Persistent mouth-stink has been dousing the flames of passion for millennia. Why haven’t we come up with a cure?
I’ve been in several conversations now where other members of the group have brought up our friend’s teeth, but everyone has said the same thing: They feel awkward bringing it up with him and know he’ll probably react badly.
What causes it? Why does it have to exist? Why hasn’t a clever person in America or China figured out how to kill it yet?
Modern society provides us with all sorts of breath-freshening products: toothpaste, mints, mouthwash, gum, and even weird, translucent strips that dissolve in your mouth.
All these products have one thing in common: their default flavor is mint.
When carb intake drops below 30 grams per day, the body gets rid of organic compounds, known as ketones, through the mouth, a process which can smell pretty gnar to those around you.
Researchers strongly suggest that, before you pick up your toothbrush, you should pick up a piece of fresh fruit or a bowl of vegetables.
And which gum gives you the sweetest-smelling breath?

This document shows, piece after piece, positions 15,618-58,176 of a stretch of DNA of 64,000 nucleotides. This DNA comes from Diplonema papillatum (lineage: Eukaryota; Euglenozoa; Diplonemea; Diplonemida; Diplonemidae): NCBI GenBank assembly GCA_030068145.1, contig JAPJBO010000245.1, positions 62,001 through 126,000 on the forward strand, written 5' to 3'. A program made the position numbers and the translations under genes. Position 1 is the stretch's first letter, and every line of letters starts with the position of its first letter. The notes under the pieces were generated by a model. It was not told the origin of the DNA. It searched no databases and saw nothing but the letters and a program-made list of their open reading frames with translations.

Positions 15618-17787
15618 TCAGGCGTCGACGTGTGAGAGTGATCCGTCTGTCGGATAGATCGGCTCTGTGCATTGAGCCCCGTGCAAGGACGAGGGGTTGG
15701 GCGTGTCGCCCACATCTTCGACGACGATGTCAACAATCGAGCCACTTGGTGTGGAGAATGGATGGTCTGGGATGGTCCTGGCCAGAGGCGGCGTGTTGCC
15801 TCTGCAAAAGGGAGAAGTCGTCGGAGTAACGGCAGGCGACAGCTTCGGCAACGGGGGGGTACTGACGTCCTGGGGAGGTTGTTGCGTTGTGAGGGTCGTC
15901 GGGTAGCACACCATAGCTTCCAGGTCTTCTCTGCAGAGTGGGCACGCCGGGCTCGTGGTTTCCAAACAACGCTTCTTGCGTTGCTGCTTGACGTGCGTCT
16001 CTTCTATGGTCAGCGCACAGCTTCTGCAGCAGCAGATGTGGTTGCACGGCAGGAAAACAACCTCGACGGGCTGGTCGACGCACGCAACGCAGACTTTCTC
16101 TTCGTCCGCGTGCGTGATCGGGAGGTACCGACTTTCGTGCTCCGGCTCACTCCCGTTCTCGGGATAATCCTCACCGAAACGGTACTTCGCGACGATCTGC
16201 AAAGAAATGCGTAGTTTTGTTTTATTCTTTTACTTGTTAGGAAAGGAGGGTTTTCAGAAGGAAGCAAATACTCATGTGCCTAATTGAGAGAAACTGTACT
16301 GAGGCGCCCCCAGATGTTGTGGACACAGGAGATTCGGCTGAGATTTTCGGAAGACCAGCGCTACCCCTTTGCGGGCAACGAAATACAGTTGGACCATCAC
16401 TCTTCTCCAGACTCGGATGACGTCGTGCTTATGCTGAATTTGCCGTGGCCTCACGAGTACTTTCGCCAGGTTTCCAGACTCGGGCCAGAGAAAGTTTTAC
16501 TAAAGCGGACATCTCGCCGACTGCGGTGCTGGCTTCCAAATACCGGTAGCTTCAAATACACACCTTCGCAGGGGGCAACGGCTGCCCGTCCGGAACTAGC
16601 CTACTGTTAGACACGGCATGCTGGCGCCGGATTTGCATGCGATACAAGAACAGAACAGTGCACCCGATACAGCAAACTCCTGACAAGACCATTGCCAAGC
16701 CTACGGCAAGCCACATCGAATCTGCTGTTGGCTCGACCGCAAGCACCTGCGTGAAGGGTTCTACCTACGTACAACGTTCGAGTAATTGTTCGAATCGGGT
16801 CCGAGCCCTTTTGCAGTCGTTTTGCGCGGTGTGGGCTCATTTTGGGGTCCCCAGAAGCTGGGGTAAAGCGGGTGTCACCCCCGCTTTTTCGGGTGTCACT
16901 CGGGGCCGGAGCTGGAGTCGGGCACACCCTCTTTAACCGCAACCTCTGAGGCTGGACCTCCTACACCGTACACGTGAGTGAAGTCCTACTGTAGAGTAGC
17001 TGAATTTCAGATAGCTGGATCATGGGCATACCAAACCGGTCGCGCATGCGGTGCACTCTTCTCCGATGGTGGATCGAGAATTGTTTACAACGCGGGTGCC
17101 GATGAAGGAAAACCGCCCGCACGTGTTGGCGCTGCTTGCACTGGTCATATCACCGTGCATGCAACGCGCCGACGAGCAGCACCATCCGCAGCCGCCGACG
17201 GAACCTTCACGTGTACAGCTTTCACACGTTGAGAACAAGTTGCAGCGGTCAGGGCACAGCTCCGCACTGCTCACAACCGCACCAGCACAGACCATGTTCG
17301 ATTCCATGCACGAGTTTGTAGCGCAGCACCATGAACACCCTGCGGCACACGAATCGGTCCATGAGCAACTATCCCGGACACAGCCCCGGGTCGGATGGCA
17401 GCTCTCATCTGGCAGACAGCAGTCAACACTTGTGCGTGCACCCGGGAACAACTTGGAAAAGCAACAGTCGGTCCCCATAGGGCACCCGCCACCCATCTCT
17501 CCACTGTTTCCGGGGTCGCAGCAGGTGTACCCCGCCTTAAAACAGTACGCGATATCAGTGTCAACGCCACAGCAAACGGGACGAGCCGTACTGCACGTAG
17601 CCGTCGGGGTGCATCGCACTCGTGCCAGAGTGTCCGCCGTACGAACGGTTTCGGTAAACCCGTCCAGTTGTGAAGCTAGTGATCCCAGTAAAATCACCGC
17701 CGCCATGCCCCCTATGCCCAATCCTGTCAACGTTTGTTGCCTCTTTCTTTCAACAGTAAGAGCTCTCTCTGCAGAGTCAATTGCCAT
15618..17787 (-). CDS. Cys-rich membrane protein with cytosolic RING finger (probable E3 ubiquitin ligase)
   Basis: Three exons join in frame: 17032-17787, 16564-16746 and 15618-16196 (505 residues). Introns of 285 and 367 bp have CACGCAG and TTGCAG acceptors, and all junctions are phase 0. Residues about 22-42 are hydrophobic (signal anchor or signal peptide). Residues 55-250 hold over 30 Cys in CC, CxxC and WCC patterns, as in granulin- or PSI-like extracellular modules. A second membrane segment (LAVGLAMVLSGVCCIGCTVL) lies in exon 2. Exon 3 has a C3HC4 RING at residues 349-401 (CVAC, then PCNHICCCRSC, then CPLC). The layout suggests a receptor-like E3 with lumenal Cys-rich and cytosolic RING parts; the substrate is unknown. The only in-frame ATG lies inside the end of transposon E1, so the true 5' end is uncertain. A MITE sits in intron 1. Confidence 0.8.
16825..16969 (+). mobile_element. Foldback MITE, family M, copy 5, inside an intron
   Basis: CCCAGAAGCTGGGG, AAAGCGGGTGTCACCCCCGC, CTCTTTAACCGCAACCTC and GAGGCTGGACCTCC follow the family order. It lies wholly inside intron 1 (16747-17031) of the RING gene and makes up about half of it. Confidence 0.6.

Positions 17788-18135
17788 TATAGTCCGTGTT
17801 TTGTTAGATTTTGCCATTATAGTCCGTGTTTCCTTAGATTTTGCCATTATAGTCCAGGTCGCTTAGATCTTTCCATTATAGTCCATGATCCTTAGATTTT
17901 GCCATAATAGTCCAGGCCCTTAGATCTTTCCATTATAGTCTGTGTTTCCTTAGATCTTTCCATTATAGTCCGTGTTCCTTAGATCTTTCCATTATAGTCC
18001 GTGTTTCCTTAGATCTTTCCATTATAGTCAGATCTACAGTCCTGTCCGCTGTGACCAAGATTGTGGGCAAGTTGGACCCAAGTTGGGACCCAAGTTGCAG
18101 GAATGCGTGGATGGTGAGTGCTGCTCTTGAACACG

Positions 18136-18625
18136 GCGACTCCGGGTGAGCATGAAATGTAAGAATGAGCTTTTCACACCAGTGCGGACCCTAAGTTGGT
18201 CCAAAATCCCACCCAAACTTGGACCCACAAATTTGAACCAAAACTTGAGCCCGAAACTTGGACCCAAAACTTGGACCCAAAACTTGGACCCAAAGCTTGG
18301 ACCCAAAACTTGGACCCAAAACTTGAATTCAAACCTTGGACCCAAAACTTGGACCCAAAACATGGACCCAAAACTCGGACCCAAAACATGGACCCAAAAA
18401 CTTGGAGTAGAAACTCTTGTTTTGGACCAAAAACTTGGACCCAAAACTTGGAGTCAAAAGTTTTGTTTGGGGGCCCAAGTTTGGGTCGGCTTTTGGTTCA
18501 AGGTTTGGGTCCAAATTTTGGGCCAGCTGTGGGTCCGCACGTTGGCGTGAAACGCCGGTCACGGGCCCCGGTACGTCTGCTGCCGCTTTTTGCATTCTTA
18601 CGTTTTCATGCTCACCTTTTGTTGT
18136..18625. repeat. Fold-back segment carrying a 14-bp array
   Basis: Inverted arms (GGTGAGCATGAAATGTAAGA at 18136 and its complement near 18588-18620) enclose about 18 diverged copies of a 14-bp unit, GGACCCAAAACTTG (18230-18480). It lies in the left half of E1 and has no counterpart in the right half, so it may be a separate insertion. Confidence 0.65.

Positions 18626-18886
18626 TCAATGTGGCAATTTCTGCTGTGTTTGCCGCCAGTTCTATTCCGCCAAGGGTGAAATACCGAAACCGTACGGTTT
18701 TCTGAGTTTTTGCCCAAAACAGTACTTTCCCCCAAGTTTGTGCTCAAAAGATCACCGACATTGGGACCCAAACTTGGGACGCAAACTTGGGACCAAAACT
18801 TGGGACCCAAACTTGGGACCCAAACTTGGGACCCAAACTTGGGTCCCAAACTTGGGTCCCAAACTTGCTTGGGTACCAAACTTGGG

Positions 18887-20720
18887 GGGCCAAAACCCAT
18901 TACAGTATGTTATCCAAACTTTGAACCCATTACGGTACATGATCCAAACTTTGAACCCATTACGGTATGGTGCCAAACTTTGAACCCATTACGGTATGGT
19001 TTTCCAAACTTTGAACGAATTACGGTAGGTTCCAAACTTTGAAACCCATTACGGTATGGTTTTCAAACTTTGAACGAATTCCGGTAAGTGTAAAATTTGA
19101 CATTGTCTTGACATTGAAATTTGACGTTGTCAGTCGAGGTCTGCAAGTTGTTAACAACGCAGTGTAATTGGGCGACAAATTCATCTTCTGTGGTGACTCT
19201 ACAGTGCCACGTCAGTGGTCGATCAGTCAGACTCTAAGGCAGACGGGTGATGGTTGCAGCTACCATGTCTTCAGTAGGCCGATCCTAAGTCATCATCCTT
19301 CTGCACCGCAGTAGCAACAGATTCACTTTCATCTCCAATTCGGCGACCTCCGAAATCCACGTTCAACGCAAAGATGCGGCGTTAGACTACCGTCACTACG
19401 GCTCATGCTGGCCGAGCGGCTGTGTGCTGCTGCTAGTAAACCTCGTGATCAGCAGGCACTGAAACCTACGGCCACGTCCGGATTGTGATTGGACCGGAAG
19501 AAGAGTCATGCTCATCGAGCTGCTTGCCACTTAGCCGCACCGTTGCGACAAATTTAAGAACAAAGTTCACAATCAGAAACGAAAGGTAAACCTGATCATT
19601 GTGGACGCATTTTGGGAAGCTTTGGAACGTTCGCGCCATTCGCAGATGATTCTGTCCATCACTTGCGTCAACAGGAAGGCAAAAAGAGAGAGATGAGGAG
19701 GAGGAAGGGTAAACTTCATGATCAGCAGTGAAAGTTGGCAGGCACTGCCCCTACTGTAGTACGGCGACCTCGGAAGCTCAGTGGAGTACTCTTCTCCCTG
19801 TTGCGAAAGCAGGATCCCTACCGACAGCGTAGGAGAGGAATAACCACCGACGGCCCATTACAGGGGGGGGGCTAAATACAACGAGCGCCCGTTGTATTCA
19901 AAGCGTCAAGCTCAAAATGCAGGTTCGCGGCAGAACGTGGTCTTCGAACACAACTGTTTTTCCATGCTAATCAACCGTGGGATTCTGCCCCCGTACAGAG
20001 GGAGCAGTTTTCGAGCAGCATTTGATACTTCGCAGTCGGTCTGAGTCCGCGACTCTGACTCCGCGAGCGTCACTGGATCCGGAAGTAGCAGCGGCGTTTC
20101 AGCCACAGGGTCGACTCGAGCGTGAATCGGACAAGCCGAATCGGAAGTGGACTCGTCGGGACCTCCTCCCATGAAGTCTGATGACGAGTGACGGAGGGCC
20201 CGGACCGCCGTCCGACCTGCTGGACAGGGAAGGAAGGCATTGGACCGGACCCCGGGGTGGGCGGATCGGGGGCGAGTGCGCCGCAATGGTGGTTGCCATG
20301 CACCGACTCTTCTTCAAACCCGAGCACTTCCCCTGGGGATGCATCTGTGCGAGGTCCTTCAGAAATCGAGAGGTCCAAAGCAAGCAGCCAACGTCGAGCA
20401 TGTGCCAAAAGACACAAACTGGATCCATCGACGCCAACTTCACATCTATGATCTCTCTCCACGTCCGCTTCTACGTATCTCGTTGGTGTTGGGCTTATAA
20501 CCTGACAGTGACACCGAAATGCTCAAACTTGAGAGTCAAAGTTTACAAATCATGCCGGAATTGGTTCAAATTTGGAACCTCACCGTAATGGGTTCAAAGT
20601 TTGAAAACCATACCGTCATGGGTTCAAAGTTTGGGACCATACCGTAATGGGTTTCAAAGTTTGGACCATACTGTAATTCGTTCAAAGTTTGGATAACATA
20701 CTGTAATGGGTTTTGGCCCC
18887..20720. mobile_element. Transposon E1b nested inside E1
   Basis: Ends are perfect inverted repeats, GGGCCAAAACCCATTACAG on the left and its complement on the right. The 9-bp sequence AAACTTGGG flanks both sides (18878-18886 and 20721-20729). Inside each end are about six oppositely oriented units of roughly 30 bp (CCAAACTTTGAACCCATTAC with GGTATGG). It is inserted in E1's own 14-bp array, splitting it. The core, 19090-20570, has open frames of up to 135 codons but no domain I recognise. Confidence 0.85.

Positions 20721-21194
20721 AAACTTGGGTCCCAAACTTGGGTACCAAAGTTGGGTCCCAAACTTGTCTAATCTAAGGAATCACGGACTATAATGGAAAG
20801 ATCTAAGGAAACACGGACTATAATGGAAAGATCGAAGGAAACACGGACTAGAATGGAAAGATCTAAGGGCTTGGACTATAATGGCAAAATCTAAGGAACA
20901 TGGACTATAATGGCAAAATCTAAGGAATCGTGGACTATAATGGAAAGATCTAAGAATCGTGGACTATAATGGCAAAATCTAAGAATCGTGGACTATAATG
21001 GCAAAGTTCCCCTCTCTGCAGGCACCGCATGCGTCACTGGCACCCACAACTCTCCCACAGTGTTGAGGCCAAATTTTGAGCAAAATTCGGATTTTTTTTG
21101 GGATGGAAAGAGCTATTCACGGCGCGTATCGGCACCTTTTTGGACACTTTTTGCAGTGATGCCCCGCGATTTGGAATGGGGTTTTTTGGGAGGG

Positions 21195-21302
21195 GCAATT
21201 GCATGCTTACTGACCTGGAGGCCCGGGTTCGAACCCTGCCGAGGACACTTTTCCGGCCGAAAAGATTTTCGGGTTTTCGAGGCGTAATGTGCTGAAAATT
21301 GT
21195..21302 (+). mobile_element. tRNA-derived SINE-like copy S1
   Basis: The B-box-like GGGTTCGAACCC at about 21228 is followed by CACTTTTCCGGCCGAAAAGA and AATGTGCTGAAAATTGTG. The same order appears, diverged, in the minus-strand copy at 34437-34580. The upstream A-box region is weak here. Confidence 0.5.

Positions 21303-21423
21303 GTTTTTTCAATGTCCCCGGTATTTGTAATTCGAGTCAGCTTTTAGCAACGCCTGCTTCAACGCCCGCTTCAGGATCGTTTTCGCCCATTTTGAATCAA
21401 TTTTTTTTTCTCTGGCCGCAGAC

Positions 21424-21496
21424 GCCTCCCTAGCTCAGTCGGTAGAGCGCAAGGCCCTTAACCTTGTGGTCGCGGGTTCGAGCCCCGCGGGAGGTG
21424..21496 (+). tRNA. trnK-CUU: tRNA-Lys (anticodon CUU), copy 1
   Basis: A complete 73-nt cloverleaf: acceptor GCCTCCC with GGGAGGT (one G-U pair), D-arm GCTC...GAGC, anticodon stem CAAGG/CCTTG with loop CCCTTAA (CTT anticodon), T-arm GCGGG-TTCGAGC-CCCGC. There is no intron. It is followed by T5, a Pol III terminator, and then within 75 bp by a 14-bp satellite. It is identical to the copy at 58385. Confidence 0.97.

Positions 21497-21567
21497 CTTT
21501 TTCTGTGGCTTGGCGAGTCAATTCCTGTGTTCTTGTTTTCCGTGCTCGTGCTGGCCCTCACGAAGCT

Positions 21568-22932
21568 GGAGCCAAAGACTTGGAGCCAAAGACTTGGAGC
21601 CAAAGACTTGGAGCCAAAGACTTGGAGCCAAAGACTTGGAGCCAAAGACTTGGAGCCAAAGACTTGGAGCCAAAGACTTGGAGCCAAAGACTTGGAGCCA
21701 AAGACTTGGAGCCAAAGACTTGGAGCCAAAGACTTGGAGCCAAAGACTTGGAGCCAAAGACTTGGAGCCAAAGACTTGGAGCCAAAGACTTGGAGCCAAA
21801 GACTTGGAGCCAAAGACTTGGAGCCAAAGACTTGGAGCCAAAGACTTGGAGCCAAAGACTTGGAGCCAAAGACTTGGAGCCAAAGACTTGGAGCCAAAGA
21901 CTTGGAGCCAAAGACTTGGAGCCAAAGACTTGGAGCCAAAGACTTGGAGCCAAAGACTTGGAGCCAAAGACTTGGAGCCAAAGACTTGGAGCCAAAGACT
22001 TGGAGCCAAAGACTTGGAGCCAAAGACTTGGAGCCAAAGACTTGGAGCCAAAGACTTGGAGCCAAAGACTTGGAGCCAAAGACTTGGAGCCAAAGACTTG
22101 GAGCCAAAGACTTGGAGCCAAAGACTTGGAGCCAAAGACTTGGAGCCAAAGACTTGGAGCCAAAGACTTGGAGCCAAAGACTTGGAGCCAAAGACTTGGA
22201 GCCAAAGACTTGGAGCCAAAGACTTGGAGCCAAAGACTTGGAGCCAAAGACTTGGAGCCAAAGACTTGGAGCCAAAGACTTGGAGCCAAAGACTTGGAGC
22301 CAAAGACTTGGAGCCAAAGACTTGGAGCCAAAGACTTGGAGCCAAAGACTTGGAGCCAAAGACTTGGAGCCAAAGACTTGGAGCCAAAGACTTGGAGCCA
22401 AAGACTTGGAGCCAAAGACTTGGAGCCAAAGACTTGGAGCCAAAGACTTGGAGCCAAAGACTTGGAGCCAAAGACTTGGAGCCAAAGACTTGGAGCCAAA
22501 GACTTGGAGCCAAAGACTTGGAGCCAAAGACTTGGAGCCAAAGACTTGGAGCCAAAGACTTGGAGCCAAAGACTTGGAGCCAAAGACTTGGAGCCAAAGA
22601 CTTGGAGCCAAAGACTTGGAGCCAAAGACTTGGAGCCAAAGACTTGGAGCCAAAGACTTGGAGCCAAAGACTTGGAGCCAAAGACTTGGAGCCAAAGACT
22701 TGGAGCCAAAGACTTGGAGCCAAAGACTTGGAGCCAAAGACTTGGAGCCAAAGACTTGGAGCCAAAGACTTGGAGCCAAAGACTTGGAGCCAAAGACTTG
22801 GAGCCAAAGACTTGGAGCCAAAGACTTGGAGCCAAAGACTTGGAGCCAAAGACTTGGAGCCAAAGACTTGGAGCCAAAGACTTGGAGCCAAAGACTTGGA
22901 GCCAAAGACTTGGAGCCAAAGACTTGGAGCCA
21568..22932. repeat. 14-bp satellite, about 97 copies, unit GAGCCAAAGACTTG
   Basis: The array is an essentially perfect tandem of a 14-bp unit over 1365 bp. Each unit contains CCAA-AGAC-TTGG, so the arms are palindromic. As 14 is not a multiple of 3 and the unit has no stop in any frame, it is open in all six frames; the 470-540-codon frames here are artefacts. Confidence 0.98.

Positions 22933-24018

According to a TED-Ed video narrated by professor and bad breath researcher Mel Rosenberg, all comes down to the activity of bacteria in the mouth.
While bad breath can be entertaining and comical, it is also important to discuss bad breath with your kids as well as teach them to be conscious of it. Drinking water and doing the daily routine of brushing, flossing and rinsing should help keep most children’s breath fresh.
Hydration, brushing and gum-chewing beat odor-causing bacteria.
Bad breath studies and bacteriology have gone hand in hand for a long time. That’s why today’s specialty breath fresheners offer such targeted treatments — they are the result of decades, sometimes even centuries, of research into what causes halitosis.
The biggest question I get is what causes bad breath. Truthfully, there are a lot of different causes — food, tobacco, dry mouth, alcohol, poor oral hygiene... the list is almost endless.
But truthfully, most of those are precursors to the real culprit — volatile sulfur compounds (VSCs).
Mint tells you what you may or may not already know — how effective your brushing actually is and if that leads or doesn’t lead to bad breath. Through the app, the Mint device also gives you advice based on your oral health grade and tracks your progress.
Your breath holds important clues to your oral health. Understand what’s really happening in your mouth with Mint, the first smart oral health monitor that fits in the palm of your hand. Now available in the U.S., UK, and Ireland. Mint empowers your decisions with sophisticated breath analysis and insightful data.